If you’re a resident of Vancouver, you’d have to have been completely out of touch with the local media in order to not know that the housing crunch is a major issue in the city and has been for some time. No one is debating that Vancouver needs affordable housing, and part of achieving a greater supply of affordable housing is increasing the housing inventory overall.
Now the common logic belief would be that increasing the number of new housing starts in the city would be an integral part of these affordable housing efforts, but instead the reality seems to be that many of the NDP government’s efforts to ‘cool’ the housing market have done the same for developers and builders and and cooled off their enthusiasm for new projects at the same time.
Needless to say, big picture trends like this do a lot to influence the the industry environment for real estate agents in Vancouver, and it’s something that real estate and housing industry across all the country are likely keeping tabs on too. There’s the potential for downturns, and as a realtor that means you need to work harder to get your share of clientele. Here at Real Estate Leads, our online real estate lead generation system is an excellent way for realtors to get more out of their client prospecting efforts.
But back to topic here, it’s interesting news to read that Greater Vancouver real estate developers are launching less units – a lot less, to the tune of 90% less than were started for this time last year.
New Low for Pre-Sale Units and Launches
MLA Canada numbers for last month (July ’19) saw the fewest new pre-sale units launched in years. Developers have been choosing to delay new releases as a result of pre-sales not being absorbed as speedily or thoroughly as before. It’s true that these fewer launches did help to firm up the absorption ratio, but sales still came in very low.
Greater Vancouver pre-sale launches for that same time period were also extremely low. The number given for the number of new pre-sale units hitting the market in July was just 157, and that’s down 91.82% from last year. Industry experts didn’t expect a number so low, and it actually comes in in 43.07% lower than forecasted.
The MLA is also stating its belief that poor absorption is resulting in delayed or cancelled projects. Lower priced projects may also be stalled so that the developers can cash in on the Federal Liberal Government’s first-time buyer incentive (which many economists say will do nothing to make Vancouver or Toronto affordable for the people the program is supposedly going to benefit – but that’s a whole different topic)
Greater Vancouver New Pre-Sale Real Estate Listings
If we go back two years this month, to September of 2017, the number of newly available pre-sale units of new homes across Greater Vancouver was in the vicinity of 900 homes. Skip forward a year to September 2018 and it has actually dipped to 700 or so. However, the very next month – October of 2018 – saw this number jump exponentially to to some 2,4000 new home pre-sales being available.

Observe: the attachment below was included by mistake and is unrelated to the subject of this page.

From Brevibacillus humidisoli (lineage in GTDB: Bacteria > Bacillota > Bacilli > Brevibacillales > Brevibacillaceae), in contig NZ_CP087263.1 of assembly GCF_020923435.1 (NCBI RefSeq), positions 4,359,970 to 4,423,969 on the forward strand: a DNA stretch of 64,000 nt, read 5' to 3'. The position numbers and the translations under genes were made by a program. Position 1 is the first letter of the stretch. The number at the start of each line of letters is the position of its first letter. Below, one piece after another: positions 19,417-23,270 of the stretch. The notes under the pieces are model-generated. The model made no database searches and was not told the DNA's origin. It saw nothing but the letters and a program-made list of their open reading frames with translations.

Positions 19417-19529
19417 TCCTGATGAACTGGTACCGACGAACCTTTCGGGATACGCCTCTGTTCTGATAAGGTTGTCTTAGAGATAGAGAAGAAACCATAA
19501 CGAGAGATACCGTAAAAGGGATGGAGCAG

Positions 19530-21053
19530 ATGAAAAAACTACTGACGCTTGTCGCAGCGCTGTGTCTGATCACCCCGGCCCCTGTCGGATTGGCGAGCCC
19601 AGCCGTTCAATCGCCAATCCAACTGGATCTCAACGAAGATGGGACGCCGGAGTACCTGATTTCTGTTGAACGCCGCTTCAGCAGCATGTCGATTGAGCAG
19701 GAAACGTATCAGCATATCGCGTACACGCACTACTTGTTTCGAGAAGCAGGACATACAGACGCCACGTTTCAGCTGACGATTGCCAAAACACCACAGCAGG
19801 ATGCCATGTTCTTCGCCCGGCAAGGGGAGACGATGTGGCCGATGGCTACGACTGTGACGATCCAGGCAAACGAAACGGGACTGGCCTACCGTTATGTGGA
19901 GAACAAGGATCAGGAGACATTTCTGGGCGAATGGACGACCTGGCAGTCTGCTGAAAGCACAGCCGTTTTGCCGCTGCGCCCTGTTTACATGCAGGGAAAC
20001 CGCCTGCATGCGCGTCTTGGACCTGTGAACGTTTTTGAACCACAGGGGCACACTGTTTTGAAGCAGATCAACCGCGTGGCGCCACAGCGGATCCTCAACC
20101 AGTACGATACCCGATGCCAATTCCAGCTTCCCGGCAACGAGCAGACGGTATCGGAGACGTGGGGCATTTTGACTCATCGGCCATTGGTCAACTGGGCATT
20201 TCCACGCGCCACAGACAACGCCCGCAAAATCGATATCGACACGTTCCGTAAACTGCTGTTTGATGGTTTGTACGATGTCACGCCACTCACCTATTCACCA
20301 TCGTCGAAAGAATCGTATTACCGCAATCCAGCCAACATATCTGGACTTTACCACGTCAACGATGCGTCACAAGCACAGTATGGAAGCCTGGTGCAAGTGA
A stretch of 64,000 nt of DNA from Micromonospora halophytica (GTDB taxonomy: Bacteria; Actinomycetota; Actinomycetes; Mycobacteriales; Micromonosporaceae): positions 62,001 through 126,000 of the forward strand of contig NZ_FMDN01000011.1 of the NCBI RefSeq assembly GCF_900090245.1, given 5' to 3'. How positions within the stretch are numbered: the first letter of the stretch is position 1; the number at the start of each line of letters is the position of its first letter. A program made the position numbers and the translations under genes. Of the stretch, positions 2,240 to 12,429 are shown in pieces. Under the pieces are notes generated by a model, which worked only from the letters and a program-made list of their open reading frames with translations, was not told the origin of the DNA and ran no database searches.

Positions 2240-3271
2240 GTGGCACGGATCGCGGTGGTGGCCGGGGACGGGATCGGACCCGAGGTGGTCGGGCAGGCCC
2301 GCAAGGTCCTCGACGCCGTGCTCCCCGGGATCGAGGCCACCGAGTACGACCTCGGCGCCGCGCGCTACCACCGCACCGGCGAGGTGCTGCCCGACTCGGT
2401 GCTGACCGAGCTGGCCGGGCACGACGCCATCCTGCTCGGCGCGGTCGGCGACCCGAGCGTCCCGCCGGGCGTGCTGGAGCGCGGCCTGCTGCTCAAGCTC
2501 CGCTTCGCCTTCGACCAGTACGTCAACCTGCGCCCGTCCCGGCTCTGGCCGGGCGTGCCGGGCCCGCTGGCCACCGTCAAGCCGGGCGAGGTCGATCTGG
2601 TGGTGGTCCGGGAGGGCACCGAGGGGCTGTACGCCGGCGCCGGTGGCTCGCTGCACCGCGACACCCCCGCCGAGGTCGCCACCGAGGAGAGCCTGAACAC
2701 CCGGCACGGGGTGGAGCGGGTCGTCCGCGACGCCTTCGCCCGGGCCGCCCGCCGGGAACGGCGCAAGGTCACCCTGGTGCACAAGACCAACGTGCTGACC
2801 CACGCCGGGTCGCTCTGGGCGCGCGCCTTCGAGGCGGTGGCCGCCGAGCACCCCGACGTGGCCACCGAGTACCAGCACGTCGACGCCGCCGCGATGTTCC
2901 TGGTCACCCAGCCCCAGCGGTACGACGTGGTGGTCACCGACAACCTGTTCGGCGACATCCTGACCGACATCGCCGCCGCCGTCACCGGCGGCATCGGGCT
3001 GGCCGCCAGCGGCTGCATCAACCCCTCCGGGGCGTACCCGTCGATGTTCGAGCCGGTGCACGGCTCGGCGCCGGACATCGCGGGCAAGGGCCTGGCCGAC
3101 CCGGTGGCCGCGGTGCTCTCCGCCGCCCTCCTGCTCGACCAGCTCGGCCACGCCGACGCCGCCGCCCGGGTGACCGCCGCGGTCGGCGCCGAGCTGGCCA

The number came down again slightly, but stayed in excess of 1,000 for the next four months. It was only in February 2019 that things started to fall again, and it’s been a downward slide since then, confirming housing industry and economy experts to suggest that the foreign buyer’s tax and vacancy taxes, among other ‘cooling’ measures introduced by the government are actually serving to counteract the benefits they’ve created for homebuyers by making more difficult for many of them to find suitable homes for sale.
Developers Only Sold Slightly More than Half Of Pre-Sales
Also seen last month was a sharp drop off in volume for sales of newly launched pre-sales. Only a little more than half – 58 – of all the pre-sale units launched in July were sold. That’s a BIG decline of 95.34% from last year. In fact, it was the fewest pre-sale launch sales for any month over the course of the last two years at least.
Greater Vancouver Pre-Sale Absorption Highest In Months
Much fewer launches did promote a better sales-to-new-listings ratio (SNLR). The SNLR came in at 37% for July, down 43.07% from last year. However, that’s a high mark for the ration going back to December 2018. An SNLR above 60% is what’s known as a ‘seller’s market’, where prices usually go up. Between 40% and 60% means the market is balanced, and homes are generally priced ‘as they should be’. Below 40% and it becomes a buyer’s market, where prices typically go down.
- Jan 2018 – 92
- May 2018 – 70
- Sept 2018 – 38
- Jan 2019 – 18
- Mar 2019 – 28
- July 2019 – 27
Greater Vancouver’s absorption has picked up, but the ratio still isn’t at a balanced level as of yet. The industry is decreasing the number of new project starts due to weak absorption, and the number buyers for new launches appears to be dropping as well.
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